What I’m saying is I’m not interested in preaching to the choir. The point is to be able to do this stuff on Saturday night in Nottingham and bring them to the point. That’s the skill I’m trying to build right now – trying to find ways of making these serious/humourless points in a funny context. Using comedy, the point is to make the point.
I sidetracked myself. So I pace around and talk into the machine. I also write things down. I’ll make lists of associated ideas, odd phrases connected to the subject etc. But it’s a very haphazard process. Every comic I really admire holds their material in their head and doesn’t write much down. But my memory for anecdotes and jokes is bad, and it helps me to look at words on paper and react to them and scribble. Then I pace it around again, then go back and transcribe/write a bit more. Most of it is wasted of course. But moving around and saying the ideas out loud works for me because comedy is an energetic thing, and new ideas come to you when you’re moving around and saying it with the energy you might use in the performance. Occasionally I’ll make myself laugh, but usually I just get a twinge, a feeling of “that’s worth saying” and it’s only later, if it got a laugh onstage, I’ll allow myself to laugh at it on the way home.
I work in big chunks – so will put in 5-10 min segments into the set at a time, rather than eking out a line here and there. This means I’ll have often have a routine in the lab (i.e. at new material gigs) for a few attempts before it gets into the paid set. Then once I start getting familiar with it onstage, it expands, and there’s more writing – lines here, sub-routines there. But it’s all about fuelling the energy of the performance. It’s intuitive and messy. I never get to do a bit exactly as I wanted. I’m always listening to what the crowd goes with – not just at the level of laughter, but also what makes them lean forward and want to know more. It’s really formed with the audience.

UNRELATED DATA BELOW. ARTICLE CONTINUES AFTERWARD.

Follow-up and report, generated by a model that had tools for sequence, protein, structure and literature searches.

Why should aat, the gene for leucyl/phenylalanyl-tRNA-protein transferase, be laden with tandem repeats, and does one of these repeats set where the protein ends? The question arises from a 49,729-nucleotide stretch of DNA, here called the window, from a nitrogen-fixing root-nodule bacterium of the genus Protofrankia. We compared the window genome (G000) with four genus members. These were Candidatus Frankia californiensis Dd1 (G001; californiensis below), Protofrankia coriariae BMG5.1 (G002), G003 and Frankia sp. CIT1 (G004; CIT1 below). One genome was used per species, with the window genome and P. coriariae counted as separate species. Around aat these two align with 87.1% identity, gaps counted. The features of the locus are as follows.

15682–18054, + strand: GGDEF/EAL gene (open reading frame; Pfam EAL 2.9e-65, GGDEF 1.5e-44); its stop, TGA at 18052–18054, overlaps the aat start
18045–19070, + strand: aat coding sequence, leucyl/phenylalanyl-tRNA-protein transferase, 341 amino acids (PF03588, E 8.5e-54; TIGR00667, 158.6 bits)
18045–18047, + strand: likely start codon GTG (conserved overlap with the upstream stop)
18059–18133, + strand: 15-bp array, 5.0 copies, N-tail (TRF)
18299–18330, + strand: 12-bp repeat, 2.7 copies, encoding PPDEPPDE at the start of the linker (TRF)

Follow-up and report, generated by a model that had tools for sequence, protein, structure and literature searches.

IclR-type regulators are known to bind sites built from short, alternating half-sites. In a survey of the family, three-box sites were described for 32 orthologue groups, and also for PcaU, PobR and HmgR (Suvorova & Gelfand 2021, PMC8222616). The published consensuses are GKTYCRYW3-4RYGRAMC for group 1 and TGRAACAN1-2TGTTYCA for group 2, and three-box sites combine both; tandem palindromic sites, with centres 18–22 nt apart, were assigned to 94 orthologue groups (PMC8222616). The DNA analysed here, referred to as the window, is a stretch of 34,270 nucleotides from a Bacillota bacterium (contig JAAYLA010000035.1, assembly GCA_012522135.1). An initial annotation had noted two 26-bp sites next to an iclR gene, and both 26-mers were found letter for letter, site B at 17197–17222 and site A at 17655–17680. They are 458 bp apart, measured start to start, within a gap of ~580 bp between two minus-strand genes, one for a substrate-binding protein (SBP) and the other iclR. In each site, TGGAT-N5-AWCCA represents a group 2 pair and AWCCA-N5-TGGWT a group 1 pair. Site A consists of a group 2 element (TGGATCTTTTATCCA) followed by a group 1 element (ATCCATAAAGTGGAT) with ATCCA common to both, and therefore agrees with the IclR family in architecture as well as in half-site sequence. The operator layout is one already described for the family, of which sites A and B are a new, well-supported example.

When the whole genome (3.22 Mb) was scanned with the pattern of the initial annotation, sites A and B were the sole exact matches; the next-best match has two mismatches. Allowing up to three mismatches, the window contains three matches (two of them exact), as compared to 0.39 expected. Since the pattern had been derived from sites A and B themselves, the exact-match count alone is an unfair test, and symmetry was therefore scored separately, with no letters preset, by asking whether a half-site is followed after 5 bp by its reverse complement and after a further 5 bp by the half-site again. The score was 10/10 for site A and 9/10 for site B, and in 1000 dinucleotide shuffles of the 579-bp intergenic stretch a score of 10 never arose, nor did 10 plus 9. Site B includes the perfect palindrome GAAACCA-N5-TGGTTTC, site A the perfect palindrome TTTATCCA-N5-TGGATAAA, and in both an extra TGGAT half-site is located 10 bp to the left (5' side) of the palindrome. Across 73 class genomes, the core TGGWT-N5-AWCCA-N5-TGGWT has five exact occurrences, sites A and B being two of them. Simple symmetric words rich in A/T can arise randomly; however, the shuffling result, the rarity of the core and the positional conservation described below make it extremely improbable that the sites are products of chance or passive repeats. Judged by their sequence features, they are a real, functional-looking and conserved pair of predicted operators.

Raising the stakes
Also before it goes to stage I’ll often sit down with another comedian and do the stuff for them and hear it come out of my mouth for the first time, and then steal any jokes or better turns of phrase that they give me. I know acts who have a problem with this kind of thing, because they feel that would make the material less theirs. I don’t agree. I think it tests and sharpens the ideas. As a stand-up you are the ultimate author, you have to haul it through and if someone’s given you a good line/idea, you still have to find a way of getting it into your world. It still has to go through your filter and inevitably I end up favouring the stuff I came up with because I can more readily see it in my mind. If I’m ever sitting around with a comic and coming up with stuff for me/them, the rule is: whoever thought of the premise gets the joke.
Like in a story, I think the emotional/intellectual stakes in the set should get higher as it goes on. It’s why a lot of comics close on sex stuff because where do you go next that’s more personal or revealing? Mick Ferry, who’s an exemplary stand-up, said to me the other day that for him it doesn’t matter what order you do the jokes in, just do them as they come to you on stage. I envy this state of mind, there’s a freedom in it. To me there are early-set bits and later-set bits and once I’ve opened up a seam and the stakes are raised, it’s harder to go back and do lighter, general stuff.
Here is an idea I got from Reg Hunter that works for me: he often thinks about what the most personally incriminating/highest stakes/interesting/fucked-up/transgressive idea/moment is that he’s trying to get to, and he’ll then construct the whole set backwards from there so that the flow of ideas leads the audience to that point. I now do this where I can – and again, it’s all in service of trying to make the set seem organic, so it all feels like it’s about one thing and nobody feels they’re being hoodwinked by jokes – which I can’t get away with.